Sheryl Crow

SHERYL CROW C’mon, C’mon (A&M;/Universal)

Always one to cull the most passionate and surprisingly widely successful singles from her personal experiences, Sheryl Crow is a musician caught between two worlds — one of earthy and rootsy singer-songwriter, the other of a mainstream rock bimbo. It’s tough being Sheryl Crow and it’s shown through her music. But C’mon, C’mon is fortunately more of an uplifting affair, veering away from her usual near-nervous breakdown tone of past albums. The unfortunate thing though, is that her sunnyness soaks through so much on tracks like "Diamond Road" and "Hole In My Pocket" that you get an irritating case of sunstroke. Still, on songs like "Safe And Sound" and "Over You" there’s the typical Crow-esque lamenting, but it’s, well, softer and deeper. And why is it that Don Henley always sounds so much better when he duets with someone else? "It’s So Easy" could’ve easily been placed on Henley’s solo The End Of The Innocence. Crow dips down a bit too much though, when she tries her hardest at creating the perfect AM radio rock song like on "Wasted." "You’re An Original" (featuring Lenny Kravitz) has a bit of a catchy chorus, but loses momentum after the first bridge. She just plain ol’ runs out of speed. It must be tough being Sheryl Crow in this business. She’s still straddling those two worlds and it’s so damn hard to just pick one. Debbie Bento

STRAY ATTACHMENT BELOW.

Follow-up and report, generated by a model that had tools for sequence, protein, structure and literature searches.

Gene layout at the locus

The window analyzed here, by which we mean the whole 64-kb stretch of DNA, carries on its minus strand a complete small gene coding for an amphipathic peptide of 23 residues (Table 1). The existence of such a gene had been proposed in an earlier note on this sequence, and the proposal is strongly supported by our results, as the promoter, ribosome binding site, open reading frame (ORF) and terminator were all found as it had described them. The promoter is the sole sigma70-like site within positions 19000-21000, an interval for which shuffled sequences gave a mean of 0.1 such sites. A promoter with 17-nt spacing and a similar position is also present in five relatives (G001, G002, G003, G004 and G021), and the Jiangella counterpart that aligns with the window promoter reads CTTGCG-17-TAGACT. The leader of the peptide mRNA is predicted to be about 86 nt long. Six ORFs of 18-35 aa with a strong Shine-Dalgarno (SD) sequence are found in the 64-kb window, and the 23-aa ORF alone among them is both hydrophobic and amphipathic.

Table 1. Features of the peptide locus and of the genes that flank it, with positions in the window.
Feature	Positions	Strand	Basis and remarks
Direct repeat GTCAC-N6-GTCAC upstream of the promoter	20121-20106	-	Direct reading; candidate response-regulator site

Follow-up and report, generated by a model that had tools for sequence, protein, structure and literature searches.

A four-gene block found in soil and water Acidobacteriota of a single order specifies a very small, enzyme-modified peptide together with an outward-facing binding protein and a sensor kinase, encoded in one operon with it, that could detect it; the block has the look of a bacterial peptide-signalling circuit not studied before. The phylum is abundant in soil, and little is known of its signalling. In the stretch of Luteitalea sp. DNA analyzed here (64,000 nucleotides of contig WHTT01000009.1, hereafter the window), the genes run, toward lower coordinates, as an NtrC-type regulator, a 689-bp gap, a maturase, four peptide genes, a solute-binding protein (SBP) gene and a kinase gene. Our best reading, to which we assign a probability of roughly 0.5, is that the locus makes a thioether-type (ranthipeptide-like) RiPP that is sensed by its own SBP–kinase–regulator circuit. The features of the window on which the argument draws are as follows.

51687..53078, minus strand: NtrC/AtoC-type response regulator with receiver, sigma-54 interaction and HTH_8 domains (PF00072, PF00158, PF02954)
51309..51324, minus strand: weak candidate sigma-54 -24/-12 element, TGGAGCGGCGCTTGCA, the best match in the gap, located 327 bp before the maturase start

DENALI S/T (Jade Tree)

Unlike most of their Jade Tree label-mates, Denali tends to forgo the thrash and ear-splitting vocals in favour of a more atmospheric, glacial sound that’s both soothing and creepy all at once. Credit this to vocalist Maura Davis, whose voice is a beguiling combination of Nina Persson’s sultry, demure playfulness and Beth Gibbons’ sorrow-filled gloom. Davis’ Denali mates back her with eerie, tension-filled, guitar-driven indie rock that brings together the best parts of Mogwai, Gibbons’ Portishead and Rainer Maria. "Rapture" sounds like it could’ve made the cut on Persson’s A Camp solo project from last year, showing off Davis’ tortured wailing in front of a dark, Rhodes-propelled dirge of a pop song. And check out the hypnotic "Indian Summer," that traces sounds all the way back to the early days of shoe-gazing, wrapping Davis’ vocals up in a wall of guitars and crashing cymbals. Denali might sound out of place with the rest of the Jade Tree roster, but fans of the label can take a break from the punk and simmer with this enthralling, narcotic surprise. Brian Pascual